# Why sufficient ?

• Jun 25th 2011, 04:20 AM
Aki
Why sufficient ?
The following is an extract from "Introduction to Commutative Algebra" by Atiyah and MacDonald.

Let $A$ be the ring of all $C^\infty$ functions on the real line, and let $\mathfrak{a}$ be the ideal of all $f$ which vanish at the origin. ...
On the other hand $f$ is annihilated by some element $1+\alpha$( $\alpha \in \mathfrak{a}$) if and only if $f$ vanishes identically in some neighborhood of 0.

I see the condition is necessary since if

$f(x)=a_0+a_1 x + a_2 x^2 + \cdots$

and

$1+\alpha=1+b_1 x+b_2 x^2 + \cdots$

are the Taylor series expansions in the neighborhood of 0 of $f(x)$ and $1+\alpha$ respectively,

$0=f(x)(1+\alpha)=(a_0+a_1 x + a_2 x^2 + \cdots)(1+b_1 x+b_2 x^2 + \cdots)$

$=a_0+(a_0 b_1 + a_1)x+(a_0 b_2 +a_1 b_1 + a_2)x^2 + \cdots$

implies that $a_0=a_1=a_2=\cdots=0$.

I don't understand why the condition is sufficient.
Is there a $C^\infty$ function which takes the value 1 at 0 and 0 elsewhere ?

Any help would be appreciated.
• Jun 25th 2011, 07:18 AM
hatsoff
Re: Why sufficient ?
Well if $f\equiv 0$ in some neighborhood of $x=0$ then the Taylor expansion of $f$ at $x=0$ is just $f\equiv 0$, and this has an infinite radius of convergence. So $f\equiv 0$ on $\mathbb{R}$ and hence is annihilated by $1+\alpha$ for any $\alpha\in\mathfrak{a}$
• Jun 25th 2011, 10:29 AM
Jose27
Re: Why sufficient ?
Quote:

Originally Posted by Aki
The following is an extract from "Introduction to Commutative Algebra" by Atiyah and MacDonald.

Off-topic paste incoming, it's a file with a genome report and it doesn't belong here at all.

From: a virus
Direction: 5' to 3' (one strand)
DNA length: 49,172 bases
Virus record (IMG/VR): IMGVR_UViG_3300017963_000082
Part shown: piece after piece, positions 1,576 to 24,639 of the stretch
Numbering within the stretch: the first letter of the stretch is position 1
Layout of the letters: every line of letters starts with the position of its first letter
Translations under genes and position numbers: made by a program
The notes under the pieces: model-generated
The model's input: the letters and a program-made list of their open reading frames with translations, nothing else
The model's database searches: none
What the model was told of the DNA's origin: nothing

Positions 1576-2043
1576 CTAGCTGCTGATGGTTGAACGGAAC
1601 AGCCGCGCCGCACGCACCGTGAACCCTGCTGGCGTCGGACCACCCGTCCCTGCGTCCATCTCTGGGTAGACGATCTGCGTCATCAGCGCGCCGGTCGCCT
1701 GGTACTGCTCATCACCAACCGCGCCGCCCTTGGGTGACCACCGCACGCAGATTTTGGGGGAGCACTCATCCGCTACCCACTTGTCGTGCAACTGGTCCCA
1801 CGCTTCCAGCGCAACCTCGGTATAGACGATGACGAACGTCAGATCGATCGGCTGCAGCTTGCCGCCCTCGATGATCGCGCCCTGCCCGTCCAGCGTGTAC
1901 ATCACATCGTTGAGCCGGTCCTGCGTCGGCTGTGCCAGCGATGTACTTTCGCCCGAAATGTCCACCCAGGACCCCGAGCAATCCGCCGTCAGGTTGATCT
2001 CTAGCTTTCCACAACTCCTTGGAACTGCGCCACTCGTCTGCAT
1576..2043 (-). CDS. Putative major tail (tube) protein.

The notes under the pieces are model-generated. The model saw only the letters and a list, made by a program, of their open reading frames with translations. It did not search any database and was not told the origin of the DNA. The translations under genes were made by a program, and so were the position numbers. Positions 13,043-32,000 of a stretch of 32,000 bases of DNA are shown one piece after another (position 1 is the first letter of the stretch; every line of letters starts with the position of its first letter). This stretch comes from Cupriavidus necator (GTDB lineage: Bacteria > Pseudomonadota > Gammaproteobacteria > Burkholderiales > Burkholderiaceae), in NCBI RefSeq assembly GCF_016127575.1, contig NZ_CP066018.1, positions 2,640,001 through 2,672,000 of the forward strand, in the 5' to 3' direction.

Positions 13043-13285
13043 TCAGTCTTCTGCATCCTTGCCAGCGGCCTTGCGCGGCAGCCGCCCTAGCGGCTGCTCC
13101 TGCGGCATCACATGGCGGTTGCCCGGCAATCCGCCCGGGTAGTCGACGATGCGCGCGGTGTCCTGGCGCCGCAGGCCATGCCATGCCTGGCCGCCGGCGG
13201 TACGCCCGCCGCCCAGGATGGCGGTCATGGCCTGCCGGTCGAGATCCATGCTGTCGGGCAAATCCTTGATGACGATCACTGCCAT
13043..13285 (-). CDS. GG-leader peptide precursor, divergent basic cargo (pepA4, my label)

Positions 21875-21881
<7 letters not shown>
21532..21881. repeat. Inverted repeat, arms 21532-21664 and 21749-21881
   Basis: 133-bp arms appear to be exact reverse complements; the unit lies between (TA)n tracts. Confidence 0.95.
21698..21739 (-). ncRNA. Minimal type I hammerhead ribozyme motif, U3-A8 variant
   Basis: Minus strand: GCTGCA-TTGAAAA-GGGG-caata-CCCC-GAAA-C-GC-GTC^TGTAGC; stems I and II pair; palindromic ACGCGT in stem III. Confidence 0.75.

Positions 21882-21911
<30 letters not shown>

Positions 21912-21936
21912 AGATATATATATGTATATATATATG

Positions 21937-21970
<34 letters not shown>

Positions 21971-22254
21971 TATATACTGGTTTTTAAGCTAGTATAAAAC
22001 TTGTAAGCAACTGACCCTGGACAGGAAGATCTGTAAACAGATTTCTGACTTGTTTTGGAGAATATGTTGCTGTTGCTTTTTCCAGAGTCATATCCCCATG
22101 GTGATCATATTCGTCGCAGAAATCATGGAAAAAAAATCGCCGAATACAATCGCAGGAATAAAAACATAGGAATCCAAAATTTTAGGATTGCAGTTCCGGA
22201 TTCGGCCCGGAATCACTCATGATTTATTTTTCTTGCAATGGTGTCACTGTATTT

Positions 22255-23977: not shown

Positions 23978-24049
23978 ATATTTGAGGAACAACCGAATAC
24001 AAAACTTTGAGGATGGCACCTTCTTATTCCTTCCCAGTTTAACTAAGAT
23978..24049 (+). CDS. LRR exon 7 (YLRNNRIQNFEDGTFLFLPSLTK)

Let $A$ be the ring of all $C^\infty$ functions on the real line, and let $\mathfrak{a}$ be the ideal of all $f$ which vanish at the origin. ...
On the other hand $f$ is annihilated by some element $1+\alpha$( $\alpha \in \mathfrak{a}$) if and only if $f$ vanishes identically in some neighborhood of 0.

I see the condition is necessary since if

$f(x)=a_0+a_1 x + a_2 x^2 + \cdots$

and

$1+\alpha=1+b_1 x+b_2 x^2 + \cdots$

are the Taylor series expansions in the neighborhood of 0 of $f(x)$ and $1+\alpha$ respectively,

$0=f(x)(1+\alpha)=(a_0+a_1 x + a_2 x^2 + \cdots)(1+b_1 x+b_2 x^2 + \cdots)$

$=a_0+(a_0 b_1 + a_1)x+(a_0 b_2 +a_1 b_1 + a_2)x^2 + \cdots$

implies that $a_0=a_1=a_2=\cdots=0$.

I don't understand why the condition is sufficient.
Is there a $C^\infty$ function which takes the value 1 at 0 and 0 elsewhere ?

Any help would be appreciated.

This works as a guide, but it is by no means a rigorous argument: Not every smooth function is analytic.

For the problem, if $f(1+a)\equiv 0$ then, since $a(0)=0$ then, by continuity $1+a\neq 0$ in a neighbourhood of $0$, so $f$ must be zero (at least) in this neighbourhood. Conversely if $f$ is zero in say $(-b,b)$ then pick any smooth $a$ such that $a(0)=1$ and $a(x)\neq 0$ iff $x\in (-b/2,b/2)$, clearly $1+(a-1)$ satisfies what you want (For examples of such a function $a$ look up test functions).
• Jun 25th 2011, 10:53 PM
Aki
Re: Why sufficient ?
Hello, hatsoff, Jose27.
Thank you for you help.

Given your suggestions, I read some articles on Wikipedia such as "Distribution","Bump Function","Non-Analytic Smooth Function". And I found

if K is an arbitrary compact set in n dimensions and U is an open set containing K, there exists a bump function φ which is 1 on K and 0 outside of U.

This proves the sufficiency of the condition.

Thank you again.